High Competition at CHS Is Detrimental to Student Growth


By , , and Sofia Williamson

You go out for dinner with friends but finds it difficult to enjoy yourself. You spend the whole time nibbling at your food and trying to stay active in conversation,but your mind wanders. All you can think about is how stressed you are for the pair of tests, four quizzes and summative writing you have at school tomorrow. Sound familiar?

CHS ranked number three on The Washington Post’s Most Challenging High Schools in the D.C. area list, following Washington International, a private school, and Poolesville High School. Nationally, The Washington Post ranked CHS number 88. This is good for the student body, right? Not exactly.

While this ranking may serve as justification for CHS’ high graduation rate and the rigor of study in the school, we must ask ourselves if the consequences of this rigor are really worth it.

According to U.S. News and World report, CHS is the 94th best high school in the nation and the second best in the state, behind only Whitman. Although CHS is down from being ranked 69th nationally last year, it still boasts the same expectations of high academic achievements. Students continuously feel overwhelming pressure and stress throughout their four years at CHS.

According to head of counseling Robin Moore, CHS rigor comes from the extensive AP courses it offers and the drive of students to take those classes. So who is to blame for this drive to have a difficult course load? It can be argued that CHS’ culture is naturally inclined towards high competition and academic accomplishment given its location.

According to CNN Money, Potomac, MD has the highest median household income of any other city in the country, with the median income being 48% higher than the average income for all Americans. With parents making more money, it can be assumed that most received an excellent education, and therefore will wish the same for their children.

So, added pressure may stem from parents. Parents who put academic pressure on their children must realize the results of their actions and understand that with no limitations on rigorous classes students at CHS are allowed to take, it is easy to become too overwhelmed, which can lead to lower grades in the most difficult courses.

It also does not determine their child’s success as an adult.

Last year, CHS sent 19 students to Ivy League schools, a notable accomplishment considering that the acceptance rates of Ivy League schools range from just 5-15 percent. However, attending an Ivy League school does not determine future success.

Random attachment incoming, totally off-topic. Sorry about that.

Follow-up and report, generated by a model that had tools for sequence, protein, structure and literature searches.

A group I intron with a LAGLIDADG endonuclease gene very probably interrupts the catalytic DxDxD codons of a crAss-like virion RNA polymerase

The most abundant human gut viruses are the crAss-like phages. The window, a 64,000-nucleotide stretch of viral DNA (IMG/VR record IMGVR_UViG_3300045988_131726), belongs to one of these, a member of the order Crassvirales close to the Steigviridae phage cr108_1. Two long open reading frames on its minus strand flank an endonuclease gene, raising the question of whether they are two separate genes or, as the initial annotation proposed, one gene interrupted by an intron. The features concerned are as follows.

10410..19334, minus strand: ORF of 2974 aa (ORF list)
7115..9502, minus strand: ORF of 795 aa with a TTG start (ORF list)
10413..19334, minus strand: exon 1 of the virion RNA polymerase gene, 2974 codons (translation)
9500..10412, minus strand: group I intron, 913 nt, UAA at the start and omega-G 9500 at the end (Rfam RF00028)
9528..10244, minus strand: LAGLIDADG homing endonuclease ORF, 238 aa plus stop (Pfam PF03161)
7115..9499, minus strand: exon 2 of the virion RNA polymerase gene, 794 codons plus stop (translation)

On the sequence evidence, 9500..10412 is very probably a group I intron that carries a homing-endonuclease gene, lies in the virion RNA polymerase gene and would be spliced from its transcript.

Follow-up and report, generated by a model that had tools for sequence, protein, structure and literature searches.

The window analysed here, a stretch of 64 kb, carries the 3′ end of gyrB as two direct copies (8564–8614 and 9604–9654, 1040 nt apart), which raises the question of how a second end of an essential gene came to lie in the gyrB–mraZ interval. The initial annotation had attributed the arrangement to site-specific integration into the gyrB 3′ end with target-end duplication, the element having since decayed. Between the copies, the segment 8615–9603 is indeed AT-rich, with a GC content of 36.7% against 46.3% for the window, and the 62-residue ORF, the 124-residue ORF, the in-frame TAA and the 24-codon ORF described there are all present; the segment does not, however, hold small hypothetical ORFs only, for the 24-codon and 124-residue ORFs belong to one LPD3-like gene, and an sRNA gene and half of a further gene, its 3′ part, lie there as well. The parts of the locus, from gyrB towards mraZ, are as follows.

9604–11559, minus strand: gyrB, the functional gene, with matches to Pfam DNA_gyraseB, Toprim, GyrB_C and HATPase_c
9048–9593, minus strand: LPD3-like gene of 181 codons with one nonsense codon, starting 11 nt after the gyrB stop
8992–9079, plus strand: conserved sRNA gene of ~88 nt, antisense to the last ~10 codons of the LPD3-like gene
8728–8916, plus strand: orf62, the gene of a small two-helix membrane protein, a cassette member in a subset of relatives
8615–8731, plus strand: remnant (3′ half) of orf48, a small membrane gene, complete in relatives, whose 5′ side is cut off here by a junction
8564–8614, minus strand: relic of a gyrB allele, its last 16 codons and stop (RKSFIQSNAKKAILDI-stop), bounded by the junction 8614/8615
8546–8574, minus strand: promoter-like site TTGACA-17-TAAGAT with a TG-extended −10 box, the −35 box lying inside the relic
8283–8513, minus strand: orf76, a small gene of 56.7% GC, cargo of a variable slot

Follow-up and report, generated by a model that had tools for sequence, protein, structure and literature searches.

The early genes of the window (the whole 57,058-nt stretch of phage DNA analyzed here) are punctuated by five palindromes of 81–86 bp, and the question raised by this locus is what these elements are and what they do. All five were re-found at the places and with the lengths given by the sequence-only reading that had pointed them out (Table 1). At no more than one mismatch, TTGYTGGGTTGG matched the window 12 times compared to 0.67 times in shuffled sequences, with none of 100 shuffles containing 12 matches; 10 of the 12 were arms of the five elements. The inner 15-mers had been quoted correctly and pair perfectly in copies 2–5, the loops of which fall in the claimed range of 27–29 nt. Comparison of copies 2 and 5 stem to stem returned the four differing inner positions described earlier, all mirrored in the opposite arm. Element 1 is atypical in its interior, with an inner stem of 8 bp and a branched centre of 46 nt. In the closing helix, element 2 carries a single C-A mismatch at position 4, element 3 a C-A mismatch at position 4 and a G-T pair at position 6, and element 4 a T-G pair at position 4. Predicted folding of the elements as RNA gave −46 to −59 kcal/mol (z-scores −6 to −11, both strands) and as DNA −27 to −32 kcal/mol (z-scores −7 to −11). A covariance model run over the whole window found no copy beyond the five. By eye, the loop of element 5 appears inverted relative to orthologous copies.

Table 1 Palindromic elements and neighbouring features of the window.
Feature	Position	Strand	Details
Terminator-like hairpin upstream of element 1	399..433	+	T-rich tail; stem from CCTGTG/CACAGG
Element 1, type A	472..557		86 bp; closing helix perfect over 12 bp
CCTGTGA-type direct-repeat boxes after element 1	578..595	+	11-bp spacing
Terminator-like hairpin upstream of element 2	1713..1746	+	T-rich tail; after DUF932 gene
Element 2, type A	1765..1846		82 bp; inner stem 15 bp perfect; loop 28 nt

According to a March 2011, US News article, a study by economists Alan Krueger at Princeton University and Stacy Dale at Mathematica Policy Research concluded that Ivy League students did not enjoy an advantage in salaries as compared to those who attended less selective or public schools. A student could either spend more time stressing over a perfect GPA to attend an Ivy League, or enjoy their four years in high school without the added stress, and attend a good public or private school.

When students are left to manage hours of schoolwork every night, extracurriculars and a social life, it becomes difficult to enjoy everyday activities not related to school like family dinners.

Comparatively, Whitman ranked 12th in the D.C. area, yet remains more than 30 spots higher than CHS in the U.S News and World Report list of top schools.

This goes to show that the most challenging and high-pressure academics do not make make for the most educated and academically achieving school.

Sure, it can be very rewarding and beneficial in the long run to attend one of the best high schools in America, but when its students are miserable, mental health outweighs academic achievement.

CHS is full of bright, determined students, but these top rankings are putting unnecessary pressure on them to outperform their peers.

Let’s put the rankings aside. If everyone at CHS acted as if it were a normal high school rather than a demanding institution, students will remember the place where they spent four years in a positive way. They will remember it as a place where they learned from supportive teachers and were surrounded by cooperative students, not a pressure cooker in which they were given piles of work every night and faced competition from their peers.